This form of hypothyroidism is not so “mild.” Some of us collect additional autoimmune disorders to think about, and hypothyroidism can worsen other chronic diseases like chronic heart disease. We can become a costly burden to our society, our families and friends, and ourselves.
It is a horrid existence to be imprisoned within your body and have your medical system dismiss your suffering because your TSH is not high enough nor your T4 low enough to qualify you for rescue and the real reason for your suffering is beyond the detection of modern medicine.
This arbitrary diagnosis barrier is so high because the TSH test and the T4 reference range that define “subclinical hypothyroidism” are very blunt instruments, unable to identify patients whose glands have suffered enough autoimmune destruction. We suffer a hidden hormone deficit. (Hoermann et al, 2016)
TREATMENT WITH (ALL) THYROID HORMONES?
Secondly, Both Bekkering and the research by Feller falsely overgeneralized about all thyroid therapy modalities being equally ineffective in addressing hypothyroid symptoms and health problems.
Bekkering continually uses the phrase “treatment with thyroid hormones,” plural. Feller says “thyroid hormone therapy.” But thyroid hormones used in therapy could involve T4, T3, or a combination of the two hormones, and they are very different in their effects.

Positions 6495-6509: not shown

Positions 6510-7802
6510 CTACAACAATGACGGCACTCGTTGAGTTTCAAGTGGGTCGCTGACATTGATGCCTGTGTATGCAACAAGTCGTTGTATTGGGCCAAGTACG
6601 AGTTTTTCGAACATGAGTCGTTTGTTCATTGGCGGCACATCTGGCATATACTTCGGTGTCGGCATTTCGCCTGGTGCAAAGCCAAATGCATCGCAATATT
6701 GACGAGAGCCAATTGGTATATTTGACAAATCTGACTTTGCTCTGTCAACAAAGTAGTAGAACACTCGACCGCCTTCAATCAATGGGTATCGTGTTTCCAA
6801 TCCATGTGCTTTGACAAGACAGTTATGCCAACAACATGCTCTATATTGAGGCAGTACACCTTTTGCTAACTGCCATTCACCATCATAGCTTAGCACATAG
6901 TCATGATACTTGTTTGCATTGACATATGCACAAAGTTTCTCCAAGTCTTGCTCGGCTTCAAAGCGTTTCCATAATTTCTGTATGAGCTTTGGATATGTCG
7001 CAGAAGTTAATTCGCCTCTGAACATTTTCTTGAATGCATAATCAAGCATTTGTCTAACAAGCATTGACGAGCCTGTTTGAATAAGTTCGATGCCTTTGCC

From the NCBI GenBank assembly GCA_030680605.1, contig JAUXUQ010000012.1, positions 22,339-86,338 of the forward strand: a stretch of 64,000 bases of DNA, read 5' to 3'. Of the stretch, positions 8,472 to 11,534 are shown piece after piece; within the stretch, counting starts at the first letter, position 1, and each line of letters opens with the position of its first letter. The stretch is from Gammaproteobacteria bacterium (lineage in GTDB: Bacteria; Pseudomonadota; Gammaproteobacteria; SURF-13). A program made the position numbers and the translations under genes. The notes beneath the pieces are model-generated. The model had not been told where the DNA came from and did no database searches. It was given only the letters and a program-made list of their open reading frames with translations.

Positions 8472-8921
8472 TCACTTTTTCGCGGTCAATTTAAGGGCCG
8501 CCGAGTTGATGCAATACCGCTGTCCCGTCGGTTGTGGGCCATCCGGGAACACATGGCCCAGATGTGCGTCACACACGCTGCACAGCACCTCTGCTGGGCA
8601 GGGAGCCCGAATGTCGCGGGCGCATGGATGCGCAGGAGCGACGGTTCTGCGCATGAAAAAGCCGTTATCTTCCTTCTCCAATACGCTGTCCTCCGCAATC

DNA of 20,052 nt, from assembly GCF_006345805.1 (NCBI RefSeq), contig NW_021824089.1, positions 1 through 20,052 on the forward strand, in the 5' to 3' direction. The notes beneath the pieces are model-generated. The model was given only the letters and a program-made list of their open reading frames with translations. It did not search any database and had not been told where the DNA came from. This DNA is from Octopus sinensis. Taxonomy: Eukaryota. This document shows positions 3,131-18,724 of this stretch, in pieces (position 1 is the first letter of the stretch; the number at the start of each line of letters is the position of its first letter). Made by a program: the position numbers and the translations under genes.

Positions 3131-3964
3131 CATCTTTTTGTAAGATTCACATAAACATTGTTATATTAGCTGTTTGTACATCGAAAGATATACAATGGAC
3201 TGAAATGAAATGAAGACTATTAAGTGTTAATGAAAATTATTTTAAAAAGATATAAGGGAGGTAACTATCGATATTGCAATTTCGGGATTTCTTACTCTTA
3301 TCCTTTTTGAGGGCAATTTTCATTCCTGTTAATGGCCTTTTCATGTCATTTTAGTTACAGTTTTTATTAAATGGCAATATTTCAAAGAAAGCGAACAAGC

All 21 trials reviewed by Feller were about ONE form of thyroid therapy alone — synthetic T4 hormone (levothyroxine).
Neither research article mentioned the hormone medication “T3,” (liothyronine) nor desiccated thyroid extract (DTE / NDT) which contains T3 and T4.
Neither the review article nor Bekkering’s guidelines mentioned that T4 is the largely inactive hormone that the body must convert into T3, the active hormone, and that T3 is a far more potent and potentially far more effective medication.
Neither the guideline nor the research review had the right to generalize beyond the ineffectiveness of levothyroxine monotherapy in the treatment of thyroid disease.
Only the BBC article writer happened to mention T3 therapy, but in a limited manner, as a “more expensive drug,” not mentioning anything about its greater potency and effectiveness in therapy.
These guidelines are part of a huge, systemic problem that all hypothyroid patients, not just those with subclinical hypothyroidism, face, with regard to our pharmaceutical options and the effectiveness of our therapy.
T3-based therapies were once the gold standard of thyroid therapy until the 1970s when levothyroxine took hold of the market and the minds of endocrinologists. Since then, the medical professions have made it difficult to reintroduce these pharmaceuticals.